Last week I was at APEX: The Unconvention. APEX is the annual national gathering of Lumerit Scholar: Unbound students. The team that plans and runs APEX is part of the Student Life department that I direct for Lumerit Education and it is one of the great privileges of my life to work with such an amazing group of people every year. APEX is planned, created, and run by a national student cabinet, a group of student leaders from all over the country. They meet together only once, and then meet online for over six months before coming together at the event to make it happen. Every year they do an amazing job, but this year they really surpassed themselves.
APEX is a special event every year, but this year seemed to really stand out. It had the largest attendance of any event we have ever done. Despite the larger size it appeared to me that students were more connected to each other than ever before. I witnessed friendships born and deepened. Conversations went deep. The respect and care shown to each other and staff seemed to me to be exceptional. Good citizenship and good behavior were the norm. The speakers were interesting, informative, challenging, and sometimes controversial, but they were always shown tremendous respect and appreciation from the students.
In short it was an amazing event. It was the kind of milestone event that is big enough, and important enough, that you feel like it was a landmark in your life. There was everything that happened before, and then you experienced this event and life looked a little different afterwards. I have attended such events before. Hopefully all of you who are reading this either have, or at some point will, attend such an event.
Often you can tell it was a really great event by how sad you are when it’s over. Somewhat perversely the worse you feel when you come home the better the event probably was. If you have attended such an event and have had an experience like that it leaves you with a challenge: What do you do when you get home? How do you put into practice what you have learned? How to you translate the emotional and spiritual “high” of the event to your everyday more mundane reality of home? How do you take a great experience and carry it forward and make it something bigger and better?
With those thoughts and challenges in mind, and thinking specifically of what I observed and learned at APEX: The Unconvention last week here are three things that I want to share with all those who attended the event. If you didn’t attend these points are still relevant, both in your everyday life and for when you have your next big event or experience.
First – Pursue Friendships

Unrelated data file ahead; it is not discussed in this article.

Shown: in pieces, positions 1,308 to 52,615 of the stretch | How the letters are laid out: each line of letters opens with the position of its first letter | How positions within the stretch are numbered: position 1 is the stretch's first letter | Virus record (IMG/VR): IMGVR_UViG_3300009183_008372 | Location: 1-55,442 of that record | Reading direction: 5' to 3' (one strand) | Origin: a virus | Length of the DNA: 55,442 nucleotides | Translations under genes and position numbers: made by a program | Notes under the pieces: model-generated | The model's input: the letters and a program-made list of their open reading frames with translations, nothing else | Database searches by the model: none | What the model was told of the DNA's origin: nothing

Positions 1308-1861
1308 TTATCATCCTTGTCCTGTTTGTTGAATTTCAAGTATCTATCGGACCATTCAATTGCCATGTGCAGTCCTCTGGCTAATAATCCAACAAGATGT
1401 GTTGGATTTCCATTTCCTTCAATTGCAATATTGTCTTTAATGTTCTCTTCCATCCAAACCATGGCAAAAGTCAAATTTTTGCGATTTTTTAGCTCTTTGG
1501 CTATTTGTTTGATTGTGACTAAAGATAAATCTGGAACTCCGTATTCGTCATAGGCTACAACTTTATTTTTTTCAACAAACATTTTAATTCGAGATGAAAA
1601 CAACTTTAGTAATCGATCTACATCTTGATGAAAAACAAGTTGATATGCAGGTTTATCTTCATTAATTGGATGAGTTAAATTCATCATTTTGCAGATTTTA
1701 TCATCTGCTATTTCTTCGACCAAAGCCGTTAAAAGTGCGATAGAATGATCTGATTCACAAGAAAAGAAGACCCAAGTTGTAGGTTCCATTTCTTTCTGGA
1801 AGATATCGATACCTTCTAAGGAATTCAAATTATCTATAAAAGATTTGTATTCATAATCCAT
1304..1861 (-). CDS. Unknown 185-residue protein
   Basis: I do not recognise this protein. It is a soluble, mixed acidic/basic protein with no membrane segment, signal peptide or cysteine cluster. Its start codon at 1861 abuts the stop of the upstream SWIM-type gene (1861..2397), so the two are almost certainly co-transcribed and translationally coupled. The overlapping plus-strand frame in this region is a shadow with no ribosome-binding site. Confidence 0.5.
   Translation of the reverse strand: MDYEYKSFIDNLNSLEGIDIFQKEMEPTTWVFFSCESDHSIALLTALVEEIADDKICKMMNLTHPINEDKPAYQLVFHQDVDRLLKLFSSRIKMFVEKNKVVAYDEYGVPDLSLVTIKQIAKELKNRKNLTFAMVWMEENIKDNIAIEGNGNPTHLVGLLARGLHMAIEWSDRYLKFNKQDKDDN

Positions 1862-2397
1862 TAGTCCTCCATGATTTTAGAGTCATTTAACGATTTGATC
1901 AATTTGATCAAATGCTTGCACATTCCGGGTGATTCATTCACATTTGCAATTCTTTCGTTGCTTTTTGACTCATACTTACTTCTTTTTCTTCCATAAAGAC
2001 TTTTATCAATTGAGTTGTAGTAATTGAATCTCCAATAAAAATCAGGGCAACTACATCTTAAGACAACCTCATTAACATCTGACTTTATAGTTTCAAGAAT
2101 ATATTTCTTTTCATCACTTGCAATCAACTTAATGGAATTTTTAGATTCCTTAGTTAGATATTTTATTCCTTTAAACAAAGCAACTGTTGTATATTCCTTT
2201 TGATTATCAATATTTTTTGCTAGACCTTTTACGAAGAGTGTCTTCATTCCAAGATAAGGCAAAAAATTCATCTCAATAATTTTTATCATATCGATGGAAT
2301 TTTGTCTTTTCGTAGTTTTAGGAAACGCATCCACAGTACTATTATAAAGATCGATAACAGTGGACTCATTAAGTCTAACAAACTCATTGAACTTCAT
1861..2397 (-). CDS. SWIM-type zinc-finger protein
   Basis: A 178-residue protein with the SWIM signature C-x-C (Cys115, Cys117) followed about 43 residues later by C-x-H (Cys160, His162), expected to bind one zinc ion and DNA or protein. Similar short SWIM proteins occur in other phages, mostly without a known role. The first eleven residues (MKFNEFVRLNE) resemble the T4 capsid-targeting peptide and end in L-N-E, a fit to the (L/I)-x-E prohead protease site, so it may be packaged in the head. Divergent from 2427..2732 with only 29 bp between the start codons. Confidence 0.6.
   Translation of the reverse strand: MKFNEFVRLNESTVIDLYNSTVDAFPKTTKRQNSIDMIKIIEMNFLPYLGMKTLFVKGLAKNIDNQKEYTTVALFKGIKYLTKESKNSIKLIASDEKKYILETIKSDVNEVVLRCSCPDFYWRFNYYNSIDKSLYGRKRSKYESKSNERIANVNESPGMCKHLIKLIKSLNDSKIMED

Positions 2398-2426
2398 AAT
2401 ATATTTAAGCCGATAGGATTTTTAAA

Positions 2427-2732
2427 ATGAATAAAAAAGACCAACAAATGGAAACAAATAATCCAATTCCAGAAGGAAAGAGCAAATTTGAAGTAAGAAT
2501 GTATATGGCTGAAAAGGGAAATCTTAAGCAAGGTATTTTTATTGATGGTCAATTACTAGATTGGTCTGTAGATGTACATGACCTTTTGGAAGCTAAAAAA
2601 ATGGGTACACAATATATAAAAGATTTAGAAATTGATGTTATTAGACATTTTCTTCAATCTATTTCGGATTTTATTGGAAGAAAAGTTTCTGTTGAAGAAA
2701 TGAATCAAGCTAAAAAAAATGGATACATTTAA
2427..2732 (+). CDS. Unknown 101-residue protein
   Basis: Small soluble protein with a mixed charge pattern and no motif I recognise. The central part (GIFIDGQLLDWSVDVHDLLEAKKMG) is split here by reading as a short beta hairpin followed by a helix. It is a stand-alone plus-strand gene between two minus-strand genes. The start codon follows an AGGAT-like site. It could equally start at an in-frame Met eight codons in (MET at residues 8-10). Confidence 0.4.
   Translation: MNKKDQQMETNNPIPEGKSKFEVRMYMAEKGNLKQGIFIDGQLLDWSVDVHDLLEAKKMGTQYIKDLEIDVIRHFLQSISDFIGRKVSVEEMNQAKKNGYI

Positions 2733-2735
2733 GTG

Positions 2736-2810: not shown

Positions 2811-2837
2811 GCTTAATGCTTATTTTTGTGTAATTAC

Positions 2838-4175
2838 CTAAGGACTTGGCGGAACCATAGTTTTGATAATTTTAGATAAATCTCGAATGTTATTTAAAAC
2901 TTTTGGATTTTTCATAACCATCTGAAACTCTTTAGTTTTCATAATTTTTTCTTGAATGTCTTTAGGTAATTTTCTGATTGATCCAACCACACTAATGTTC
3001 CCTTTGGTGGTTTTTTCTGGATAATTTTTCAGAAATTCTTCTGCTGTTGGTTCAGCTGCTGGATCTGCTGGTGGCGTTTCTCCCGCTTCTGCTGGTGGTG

More than anything else this past week reminded me of how important, and how rewarding, great friendships can be. I was also reminded that it can be difficult to find such relationships and when they are found they should be treasured. Really deep, long lasting relationships can be found and formed anywhere, but they are found most often with people that you share a common foundation with. When you share some core foundational beliefs and characteristics with someone it makes it easier, and more likely, that you will form a deeper, tighter bond with that person. This is only enhanced when you share similar experiences as well. This is true whether you share those experiences together in the same place and time, or whether you have had the same experiences, but separately from each other.
Those of you that attended APEX last week found a rare alignment of all of these factors. Collectively you all share an unusual educational experience that you have pursued individually, but that you can all relate to because you have all faced the same challenges. Together you experienced the week at APEX, hearing the same speakers, doing the same activities, sharing meals and time together.
Even more rare was the fact that many of you share many of the same foundational beliefs and traits. This is not so say that you were all the same. Far from it! There was a wide range of personality differences, viewpoints, ideas, opinions, and backgrounds. With that being said, you did have much in common. You are all willing to do and try something different. You are willing to think outside the box. You are very self-motivated and self-driven. Many of you share the same faith and worldview. All of you (that I observed) demonstrated an unusual level of respect, love, patience, and kindness with each other. I am constantly amazed at how well all of the different kinds of personalities, viewpoints, ideas, opinions, and backgrounds integrate and mix with each other so well at APEX.
This combination of deep relationship building factors is not common. Therefore, you should take advantage of it! Please, build relationships, friendships, networks, and connections wherever you live, study, and work, but don’t miss the opportunity for unique friendships that APEX has presented to you. I challenge you to network and stay connected to as many people from APEX as you can using all of the connection tools and social networks that modern technology offers us today. My prediction is that those connections will deepen, and blossom, in unexpected and advantageous ways in the years ahead.